I am free to wander where I please without risk of meeting anyone, and I begin to descend by the steps made by the falling of the granite blocks, which have formed on all sides staircases as if for giants. On the overturned surfaces, my hands encounter the deep, clear-cut hollows of the hieroglyphs, and sometimes of those inevitable people, carved in profile, who raise their arms, all of them, and make signs to one another. On arriving at the bottom I am received by a row of statues with battered faces, seated on thrones, and without hindrance of any kind, and recognising everything in the blue transparency which takes the place of day, I come to the great avenue of the palaces of Amen.
A narrow passage between immense columns, in the distance one column is precariously leaning.
We have nothing on earth in the least degree comparable to this avenue, which passive multitudes took nearly three thousand years to construct, expending, century after century, their innumerable energies in carrying these stones, which our machines now could not move. And the objective was always the same: to prolong indefinitely the perspectives of pylons, colossi and obelisks, continuing always this same artery of temples and palaces in the direction of the old Nile--while the latter, on the contrary, receded slowly, from century to century, towards Libya.

It is here, and especially at night, that you suffer the feeling of having been shrunken to the size of a pygmy. All round you rise monoliths mighty as rocks. You have to take twenty paces to pass the base of a single one of them. They are placed quite close together, too close, it seems, in view of their enormity and mass. There is not enough air between them, and the closeness of their juxtaposition disconcerts you more, perhaps, even than their massiveness.

The avenue which I have followed in an easterly direction abuts on as disconcerting a chaos of granite as exists in Thebes--the hall of the feasts of Thothmes III. What kind of feasts were they, that this king gave here, in this forest of thick-set columns, beneath these ceilings, of which the smallest stone, if it fell, would crush twenty men? In places the friezes, the colonnades, which seem almost diaphanous in the air, are outlined still with a proud magnificence in unbroken alignment against the star-strewn sky. Elsewhere the destruction is bewildering; fragments of columns, entablatures, bas- reliefs lie about in indescribable confusion, like a lot of scattered wreckage after a world-wide tempest.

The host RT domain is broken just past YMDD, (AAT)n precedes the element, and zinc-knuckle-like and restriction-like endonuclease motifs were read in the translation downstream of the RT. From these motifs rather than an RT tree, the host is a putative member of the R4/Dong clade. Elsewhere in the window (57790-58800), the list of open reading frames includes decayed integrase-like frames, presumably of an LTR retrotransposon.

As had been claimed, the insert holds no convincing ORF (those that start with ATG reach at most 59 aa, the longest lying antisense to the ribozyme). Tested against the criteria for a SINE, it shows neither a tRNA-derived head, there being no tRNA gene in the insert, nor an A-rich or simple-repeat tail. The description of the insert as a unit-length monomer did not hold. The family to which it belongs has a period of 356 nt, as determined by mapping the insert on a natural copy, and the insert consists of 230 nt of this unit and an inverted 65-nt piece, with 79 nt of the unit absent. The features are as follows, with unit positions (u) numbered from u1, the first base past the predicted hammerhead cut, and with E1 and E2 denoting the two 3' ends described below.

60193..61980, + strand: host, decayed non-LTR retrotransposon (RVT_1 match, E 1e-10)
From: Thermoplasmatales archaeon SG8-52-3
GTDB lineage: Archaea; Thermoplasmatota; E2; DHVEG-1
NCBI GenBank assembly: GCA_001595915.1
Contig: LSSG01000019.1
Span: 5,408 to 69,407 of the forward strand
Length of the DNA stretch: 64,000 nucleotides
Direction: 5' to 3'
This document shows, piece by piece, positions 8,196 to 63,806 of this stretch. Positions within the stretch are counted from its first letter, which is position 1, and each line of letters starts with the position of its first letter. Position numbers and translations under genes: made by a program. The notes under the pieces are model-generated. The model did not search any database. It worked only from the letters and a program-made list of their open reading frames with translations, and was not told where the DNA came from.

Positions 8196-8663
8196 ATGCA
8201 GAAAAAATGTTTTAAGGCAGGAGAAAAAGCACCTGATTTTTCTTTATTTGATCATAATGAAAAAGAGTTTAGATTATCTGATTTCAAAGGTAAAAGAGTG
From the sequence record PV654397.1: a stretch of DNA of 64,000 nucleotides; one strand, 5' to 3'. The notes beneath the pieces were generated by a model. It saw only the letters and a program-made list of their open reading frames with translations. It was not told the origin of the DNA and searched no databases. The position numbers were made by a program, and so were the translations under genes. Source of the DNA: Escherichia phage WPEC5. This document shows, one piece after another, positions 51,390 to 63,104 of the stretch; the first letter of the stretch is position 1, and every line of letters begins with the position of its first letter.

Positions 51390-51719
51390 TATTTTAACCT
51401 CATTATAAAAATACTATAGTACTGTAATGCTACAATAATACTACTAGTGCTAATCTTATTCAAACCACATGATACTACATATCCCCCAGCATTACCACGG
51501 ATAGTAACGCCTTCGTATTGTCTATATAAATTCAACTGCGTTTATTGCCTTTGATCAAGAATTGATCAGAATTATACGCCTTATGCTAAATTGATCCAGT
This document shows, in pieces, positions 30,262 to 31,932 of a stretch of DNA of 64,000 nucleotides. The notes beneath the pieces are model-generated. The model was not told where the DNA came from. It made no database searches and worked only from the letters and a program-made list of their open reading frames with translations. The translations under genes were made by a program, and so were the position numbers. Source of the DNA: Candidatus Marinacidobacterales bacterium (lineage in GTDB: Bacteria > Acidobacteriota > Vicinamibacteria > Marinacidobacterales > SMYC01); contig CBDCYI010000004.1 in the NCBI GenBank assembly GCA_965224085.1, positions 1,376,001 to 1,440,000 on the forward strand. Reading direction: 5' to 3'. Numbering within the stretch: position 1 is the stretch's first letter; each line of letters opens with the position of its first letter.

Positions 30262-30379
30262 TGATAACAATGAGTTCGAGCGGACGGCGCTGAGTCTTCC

For it was not enough that the hand of man should overturn these things. Tremblings of the earth, at different times, have also come to shake this Cyclops palace which threatened to be eternal. And all this--which represents such an excess of force, of movement, of impulsion, alike for its erection as for its overthrow--all this is tranquil this evening, oh! so tranquil, although toppling as if for an imminent downfall--tranquil forever, one might say, congealed by the cold and by the night.

I was prepared for silence in such a place, but not for the sounds which I commence to hear. First of all an osprey sounds the prelude, above my head and so close to me that it holds me trembling throughout its long cry. Then other voices answer from the depths of the ruins, voices very diverse, but all sinister. Some are only able to mew on two long-drawn notes: some yelp like jackals round a cemetery, and others again imitate the sound of a steel spring slowly unwinding itself.

And this concert comes always from above. Owls, ospreys, screech-owls, all the different kinds of birds, with hooked beaks and round eyes, and silken wings that enable them to fly noiselessly, have their homes amongst the granites massively upheld in the air; and they are celebrating now, each after its own fashion, the nocturnal festival. Intermittent calls break upon the air, and long-drawn infinitely mournful wailings, that sometimes swell and sometimes seem to be strangled and end in a kind of sob.

And then, in spite of the sonority of the vast straight walls, in spite of the echoes which prolong the cries, the silence obstinately returns. Silence. The silence after all and beyond all doubt is the true master at this hour of this kingdom at once colossal, motionless and blue--a silence that seems to be infinite, because we know that there is nothing around these ruins, nothing but the line of the dead sands, the threshold of the deserts.